Every drop of water counts


Added 4 months ago



A Hawke’s Bay start-up is trialling water sensing technology that if successful, could result in dramatic savings in this precious resource across the region.

Croptide, a company owned and founded this year by Hawke’s Bay engineers Finn Brown and Hamish Penny, is conducting trials to prove it can automate the process of measuring ‘stem water potential’.

Stem water potential measures water stress in plants, akin to blood pressure in humans. As the soil dries or humidity, wind or heat load increases, it becomes increasingly difficult for the roots to keep pace with evaporation from the leaves. Under these conditions the plant begins to experience ‘high blood pressure’. Measuring stem water potential helps determine the optimum time to deliver water to the plant.

Croptide’s system uses internet-enabled sensors attached to plants to report on the crop’s water health, directly to the farmer’s cell phone.

Penny says that Croptide has a vision for all permanent crop growers in Hawke’s Bay and around the world to have access to a precise tool that allows them to give plants exactly the water they need.

“This will allow a range of benefits including giving growers a proof point around their water use, as well as offering resilience against the predicted effects of climate change.”

Currently a manual method to measure stem water potential – called the pressure chamber – has been adopted by a few wine companies in Hawke’s Bay including Villa Maria (partner on the current Croptide trial), says Penny.

“Over the 5+ years they have been using it they have anecdotally observed a dramatic decrease in water usage (more than 50%) and significant quality improvements by adopting the pressure chamber.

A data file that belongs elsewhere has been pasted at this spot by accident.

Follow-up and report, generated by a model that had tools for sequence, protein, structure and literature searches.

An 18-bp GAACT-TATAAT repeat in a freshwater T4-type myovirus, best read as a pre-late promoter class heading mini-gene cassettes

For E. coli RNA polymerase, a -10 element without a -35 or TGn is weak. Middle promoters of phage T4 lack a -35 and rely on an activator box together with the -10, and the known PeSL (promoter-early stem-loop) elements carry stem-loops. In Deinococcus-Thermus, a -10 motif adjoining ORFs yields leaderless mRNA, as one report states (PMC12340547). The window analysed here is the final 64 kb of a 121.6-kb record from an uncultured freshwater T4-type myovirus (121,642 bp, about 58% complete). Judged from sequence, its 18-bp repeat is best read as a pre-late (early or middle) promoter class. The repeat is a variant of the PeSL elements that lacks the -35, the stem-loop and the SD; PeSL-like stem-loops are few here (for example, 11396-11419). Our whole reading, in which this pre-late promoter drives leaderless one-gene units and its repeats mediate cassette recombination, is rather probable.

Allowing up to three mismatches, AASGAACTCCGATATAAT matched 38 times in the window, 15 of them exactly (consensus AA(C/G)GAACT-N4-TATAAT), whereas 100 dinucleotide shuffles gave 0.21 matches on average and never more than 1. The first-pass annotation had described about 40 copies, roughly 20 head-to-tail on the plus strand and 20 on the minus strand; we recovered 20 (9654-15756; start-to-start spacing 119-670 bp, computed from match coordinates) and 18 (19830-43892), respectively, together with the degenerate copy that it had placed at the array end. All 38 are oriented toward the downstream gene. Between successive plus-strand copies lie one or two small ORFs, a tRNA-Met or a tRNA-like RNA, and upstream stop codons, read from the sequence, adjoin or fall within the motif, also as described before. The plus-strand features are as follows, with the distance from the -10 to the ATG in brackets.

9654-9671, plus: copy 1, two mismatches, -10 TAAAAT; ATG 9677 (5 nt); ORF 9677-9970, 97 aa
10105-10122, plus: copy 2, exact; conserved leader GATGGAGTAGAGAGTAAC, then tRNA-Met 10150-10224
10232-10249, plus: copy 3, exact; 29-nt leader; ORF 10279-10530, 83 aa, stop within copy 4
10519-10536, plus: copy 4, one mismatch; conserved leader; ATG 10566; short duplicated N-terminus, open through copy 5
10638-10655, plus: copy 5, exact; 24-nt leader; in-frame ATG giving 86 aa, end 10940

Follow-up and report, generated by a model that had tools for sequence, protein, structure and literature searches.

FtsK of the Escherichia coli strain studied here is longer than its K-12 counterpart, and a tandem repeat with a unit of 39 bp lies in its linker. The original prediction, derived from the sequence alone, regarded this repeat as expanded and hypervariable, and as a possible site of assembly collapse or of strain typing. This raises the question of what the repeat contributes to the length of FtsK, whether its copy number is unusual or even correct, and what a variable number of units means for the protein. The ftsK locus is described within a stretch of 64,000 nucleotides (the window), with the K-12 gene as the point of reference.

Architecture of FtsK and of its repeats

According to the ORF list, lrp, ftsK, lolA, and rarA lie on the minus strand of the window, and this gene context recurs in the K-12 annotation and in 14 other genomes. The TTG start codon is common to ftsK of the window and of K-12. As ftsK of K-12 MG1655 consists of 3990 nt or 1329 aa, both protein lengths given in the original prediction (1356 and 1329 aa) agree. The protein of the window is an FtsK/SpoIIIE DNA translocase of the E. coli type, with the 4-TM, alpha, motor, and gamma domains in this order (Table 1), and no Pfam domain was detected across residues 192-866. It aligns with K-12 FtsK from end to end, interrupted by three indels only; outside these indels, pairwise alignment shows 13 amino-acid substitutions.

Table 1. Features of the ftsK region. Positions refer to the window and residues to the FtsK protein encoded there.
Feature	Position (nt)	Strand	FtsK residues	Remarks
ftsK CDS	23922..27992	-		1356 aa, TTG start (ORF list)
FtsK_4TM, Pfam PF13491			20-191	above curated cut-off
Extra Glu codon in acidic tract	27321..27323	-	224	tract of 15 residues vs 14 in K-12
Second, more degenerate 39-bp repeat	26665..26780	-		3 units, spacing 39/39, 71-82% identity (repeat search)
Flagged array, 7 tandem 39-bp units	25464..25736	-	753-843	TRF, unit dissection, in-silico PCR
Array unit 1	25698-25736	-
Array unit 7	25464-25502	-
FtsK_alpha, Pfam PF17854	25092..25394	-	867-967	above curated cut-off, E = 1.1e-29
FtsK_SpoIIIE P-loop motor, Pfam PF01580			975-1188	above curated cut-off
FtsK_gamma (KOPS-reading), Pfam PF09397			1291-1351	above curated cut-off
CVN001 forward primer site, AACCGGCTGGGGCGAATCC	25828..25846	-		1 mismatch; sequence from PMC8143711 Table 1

“There has also been research conducted by Bragato – New Zealand’s wine research institute – on comparing pressure chamber use to soil moisture that found similar improvements across sites in Marlborough and Hawke’s Bay.”

Penny says that similar research has not yet been conducted in kiwifruit and apples, but the focus is on developing the tool first in these industries, then working with growers to understand how to use the data to optimise irrigation.

“There is an acknowledgement from both sectors that more research is required to understand better the exact needs of kiwifruit and apple crops, in order to maximise water efficiency.”

So far, Croptide has received strong support from all of its grower partners. They all have been very supportive of the Croptide mission and are motivated to do the best by their land, maximise efficiency of resource use and build resilience in the face of climate change.

As for the cost, Penny says that Croptide is using a technology that should offer significant scalability and foresee it being offered at a competitive price. “But it is still at the early stages and in the process of building out a business and pricing model.”

Croptide recently raised $1 million in a pre-seed funding round led by Icehouse Ventures, supported by K1W1 and Masfen Group. There are currently 160 Croptide devices being trialled.

Photo: Finn Brown with sensor

 


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